They formed a new organization called the "Colonization Council" and decided that they would first appeal to President Rutherford B. Hayes and Congress to help them "out of their distress and protect" their civil rights and constitutional privileges. If that failed, Adams recommended they ask the federal government to "set apart a territory in the United States for [them], somewhere where [they] could go and live with [their] families." If the government failed or refused to do that, their final idea was to "ask for an appropriation of money to ship us all to Liberia, in Africa; somewhere where we could live in peace and quiet."5 Adams presented the Senate committee a copy of the letter to the President with all three of the resolutions included. Adams's organization succeeded in getting over 98,000 names of blacks who were interested in emigrating from the South. Most of names were from Louisiana, Texas, and Arkansas, with a minority from Mississippi, Alabama, and a few other states.6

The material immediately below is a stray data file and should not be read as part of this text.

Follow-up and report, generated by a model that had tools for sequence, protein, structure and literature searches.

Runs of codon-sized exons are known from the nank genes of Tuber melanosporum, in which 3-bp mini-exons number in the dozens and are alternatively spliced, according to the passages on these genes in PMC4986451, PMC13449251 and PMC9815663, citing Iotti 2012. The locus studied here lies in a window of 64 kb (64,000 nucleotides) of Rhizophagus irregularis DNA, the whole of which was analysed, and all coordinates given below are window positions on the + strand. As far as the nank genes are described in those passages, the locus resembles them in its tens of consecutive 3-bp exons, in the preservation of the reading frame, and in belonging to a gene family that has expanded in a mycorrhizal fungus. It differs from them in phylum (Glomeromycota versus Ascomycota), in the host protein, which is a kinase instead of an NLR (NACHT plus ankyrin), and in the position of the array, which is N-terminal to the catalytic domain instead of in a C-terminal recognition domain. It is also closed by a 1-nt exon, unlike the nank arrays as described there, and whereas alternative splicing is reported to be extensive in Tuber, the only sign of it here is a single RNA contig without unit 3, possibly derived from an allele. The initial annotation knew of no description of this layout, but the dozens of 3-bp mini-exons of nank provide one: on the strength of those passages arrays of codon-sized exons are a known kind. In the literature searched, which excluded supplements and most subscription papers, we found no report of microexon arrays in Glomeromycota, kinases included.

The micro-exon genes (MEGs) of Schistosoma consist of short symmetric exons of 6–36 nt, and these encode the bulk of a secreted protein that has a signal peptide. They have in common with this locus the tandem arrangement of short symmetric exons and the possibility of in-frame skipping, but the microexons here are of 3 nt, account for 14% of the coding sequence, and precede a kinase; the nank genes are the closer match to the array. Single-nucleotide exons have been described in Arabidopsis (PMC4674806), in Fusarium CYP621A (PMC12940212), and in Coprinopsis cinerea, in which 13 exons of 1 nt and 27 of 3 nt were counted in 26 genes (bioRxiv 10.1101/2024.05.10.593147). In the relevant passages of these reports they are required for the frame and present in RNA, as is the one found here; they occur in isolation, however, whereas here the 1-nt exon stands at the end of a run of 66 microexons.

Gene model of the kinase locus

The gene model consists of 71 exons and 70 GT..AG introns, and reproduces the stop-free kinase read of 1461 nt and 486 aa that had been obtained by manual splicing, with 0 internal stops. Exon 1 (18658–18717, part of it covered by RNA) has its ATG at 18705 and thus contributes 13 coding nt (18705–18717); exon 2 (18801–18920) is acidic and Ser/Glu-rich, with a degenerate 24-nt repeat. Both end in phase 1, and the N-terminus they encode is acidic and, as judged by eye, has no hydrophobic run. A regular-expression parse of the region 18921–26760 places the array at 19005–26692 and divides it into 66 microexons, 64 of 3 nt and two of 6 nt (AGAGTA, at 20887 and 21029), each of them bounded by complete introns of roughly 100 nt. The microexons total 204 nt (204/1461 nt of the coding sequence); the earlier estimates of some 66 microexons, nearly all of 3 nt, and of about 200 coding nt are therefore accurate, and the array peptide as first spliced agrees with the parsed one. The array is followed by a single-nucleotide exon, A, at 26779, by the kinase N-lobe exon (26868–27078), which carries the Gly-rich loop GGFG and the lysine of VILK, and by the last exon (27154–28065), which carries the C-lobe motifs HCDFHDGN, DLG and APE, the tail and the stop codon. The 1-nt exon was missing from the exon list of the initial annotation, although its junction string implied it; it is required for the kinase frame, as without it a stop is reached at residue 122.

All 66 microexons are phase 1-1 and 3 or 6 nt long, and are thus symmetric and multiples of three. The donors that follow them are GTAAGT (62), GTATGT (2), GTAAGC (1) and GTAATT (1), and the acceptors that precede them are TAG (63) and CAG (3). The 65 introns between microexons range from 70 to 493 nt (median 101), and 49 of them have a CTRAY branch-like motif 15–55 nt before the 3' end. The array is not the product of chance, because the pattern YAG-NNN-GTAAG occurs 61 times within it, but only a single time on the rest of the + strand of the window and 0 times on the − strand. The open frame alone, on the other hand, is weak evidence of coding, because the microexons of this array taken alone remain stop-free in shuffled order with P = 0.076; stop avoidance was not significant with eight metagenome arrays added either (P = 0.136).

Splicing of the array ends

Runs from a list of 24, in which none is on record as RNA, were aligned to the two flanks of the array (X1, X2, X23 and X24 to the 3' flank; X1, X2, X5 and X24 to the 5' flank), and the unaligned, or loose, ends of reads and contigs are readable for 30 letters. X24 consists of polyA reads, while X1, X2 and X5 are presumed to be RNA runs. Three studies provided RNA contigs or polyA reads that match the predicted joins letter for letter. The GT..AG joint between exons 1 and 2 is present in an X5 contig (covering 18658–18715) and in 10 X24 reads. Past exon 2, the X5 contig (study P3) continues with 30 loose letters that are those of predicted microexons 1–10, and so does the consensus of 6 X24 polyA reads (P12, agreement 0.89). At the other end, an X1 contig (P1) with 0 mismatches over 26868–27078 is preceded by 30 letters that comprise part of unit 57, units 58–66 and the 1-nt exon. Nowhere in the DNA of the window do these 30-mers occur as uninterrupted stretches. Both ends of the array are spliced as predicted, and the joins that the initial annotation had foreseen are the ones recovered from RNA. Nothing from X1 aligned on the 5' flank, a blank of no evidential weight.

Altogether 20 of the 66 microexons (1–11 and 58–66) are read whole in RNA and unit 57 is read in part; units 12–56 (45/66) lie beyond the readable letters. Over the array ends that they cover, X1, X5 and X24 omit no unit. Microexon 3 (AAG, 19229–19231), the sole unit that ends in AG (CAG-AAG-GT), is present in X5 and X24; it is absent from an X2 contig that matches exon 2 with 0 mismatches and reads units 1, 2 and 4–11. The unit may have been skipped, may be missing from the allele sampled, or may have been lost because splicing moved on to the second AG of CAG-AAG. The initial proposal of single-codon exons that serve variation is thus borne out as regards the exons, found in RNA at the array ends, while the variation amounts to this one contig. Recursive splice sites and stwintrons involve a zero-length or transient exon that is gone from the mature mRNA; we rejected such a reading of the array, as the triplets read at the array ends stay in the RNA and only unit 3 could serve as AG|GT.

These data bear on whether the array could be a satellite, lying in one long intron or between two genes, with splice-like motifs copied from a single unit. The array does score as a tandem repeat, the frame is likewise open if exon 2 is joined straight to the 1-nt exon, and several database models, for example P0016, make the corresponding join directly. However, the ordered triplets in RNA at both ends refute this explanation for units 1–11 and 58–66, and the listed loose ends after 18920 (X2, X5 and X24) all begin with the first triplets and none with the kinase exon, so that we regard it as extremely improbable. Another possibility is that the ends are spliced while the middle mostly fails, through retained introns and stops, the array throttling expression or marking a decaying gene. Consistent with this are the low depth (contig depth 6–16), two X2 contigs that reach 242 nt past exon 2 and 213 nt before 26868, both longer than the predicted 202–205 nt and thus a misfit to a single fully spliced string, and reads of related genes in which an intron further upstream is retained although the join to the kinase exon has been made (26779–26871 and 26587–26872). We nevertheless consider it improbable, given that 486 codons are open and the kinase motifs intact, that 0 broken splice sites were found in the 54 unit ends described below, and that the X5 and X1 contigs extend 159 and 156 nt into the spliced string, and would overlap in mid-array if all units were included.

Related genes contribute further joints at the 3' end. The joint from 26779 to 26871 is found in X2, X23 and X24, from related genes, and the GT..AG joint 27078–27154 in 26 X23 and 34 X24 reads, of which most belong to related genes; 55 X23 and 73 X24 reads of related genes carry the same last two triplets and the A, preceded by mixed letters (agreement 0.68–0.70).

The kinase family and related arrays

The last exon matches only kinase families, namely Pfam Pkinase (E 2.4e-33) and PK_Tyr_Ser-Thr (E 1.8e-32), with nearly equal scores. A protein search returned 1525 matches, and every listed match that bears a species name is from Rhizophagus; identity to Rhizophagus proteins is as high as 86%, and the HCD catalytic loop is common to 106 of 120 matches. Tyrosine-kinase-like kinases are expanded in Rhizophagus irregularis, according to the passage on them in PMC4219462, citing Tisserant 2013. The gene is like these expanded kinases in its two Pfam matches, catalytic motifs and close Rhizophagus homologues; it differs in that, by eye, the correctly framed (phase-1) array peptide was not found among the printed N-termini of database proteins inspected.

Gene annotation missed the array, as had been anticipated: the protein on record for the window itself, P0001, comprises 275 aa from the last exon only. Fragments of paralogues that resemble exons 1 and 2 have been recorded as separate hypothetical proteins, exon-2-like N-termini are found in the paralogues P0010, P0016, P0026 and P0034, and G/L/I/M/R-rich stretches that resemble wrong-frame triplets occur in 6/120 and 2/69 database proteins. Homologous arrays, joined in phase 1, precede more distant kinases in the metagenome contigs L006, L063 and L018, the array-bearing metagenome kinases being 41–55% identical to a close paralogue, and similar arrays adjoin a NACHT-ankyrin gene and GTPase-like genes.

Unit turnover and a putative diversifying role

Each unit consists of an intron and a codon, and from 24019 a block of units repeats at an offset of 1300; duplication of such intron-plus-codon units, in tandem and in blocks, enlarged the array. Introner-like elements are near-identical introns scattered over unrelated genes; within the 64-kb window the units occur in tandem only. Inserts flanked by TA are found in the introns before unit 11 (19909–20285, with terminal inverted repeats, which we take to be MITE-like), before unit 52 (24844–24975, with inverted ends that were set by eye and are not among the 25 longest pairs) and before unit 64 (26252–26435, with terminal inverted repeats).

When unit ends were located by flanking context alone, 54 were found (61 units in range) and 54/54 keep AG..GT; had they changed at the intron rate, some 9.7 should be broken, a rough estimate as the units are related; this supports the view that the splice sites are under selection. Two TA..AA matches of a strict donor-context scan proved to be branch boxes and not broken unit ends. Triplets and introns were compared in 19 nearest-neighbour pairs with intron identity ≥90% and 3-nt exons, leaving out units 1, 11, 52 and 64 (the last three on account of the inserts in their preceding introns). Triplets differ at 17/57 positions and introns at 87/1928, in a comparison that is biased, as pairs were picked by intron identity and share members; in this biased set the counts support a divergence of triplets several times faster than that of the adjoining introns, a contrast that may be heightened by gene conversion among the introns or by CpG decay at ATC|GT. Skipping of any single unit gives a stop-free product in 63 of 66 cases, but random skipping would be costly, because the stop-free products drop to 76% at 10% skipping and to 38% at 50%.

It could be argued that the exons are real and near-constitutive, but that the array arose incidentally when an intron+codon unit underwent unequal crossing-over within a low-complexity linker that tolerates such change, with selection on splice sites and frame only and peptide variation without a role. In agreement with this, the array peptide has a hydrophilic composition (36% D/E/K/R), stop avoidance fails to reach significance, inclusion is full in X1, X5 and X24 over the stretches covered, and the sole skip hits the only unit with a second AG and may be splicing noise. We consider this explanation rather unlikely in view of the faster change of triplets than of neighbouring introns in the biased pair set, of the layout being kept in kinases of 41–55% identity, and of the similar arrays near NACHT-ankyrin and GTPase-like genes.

Besides the apparent historical value of Henry Adams's interview, there is also much information of potential genealogical value. His recorded testimony includes an extensive list of statements, affidavits, and memoranda that was compiled by the Colonization Council, including the names of nearly 700 black Louisianans who were the victims of various forms of violent terrorism. The list includes each individual's name, the parish in which the victim resided, and a description of each incident.7
Another example of how valuable information can be casually presented throughout the recorded interviews is illustrated by the testimony of John O'Kelly, a black property owner and businessman from North Carolina.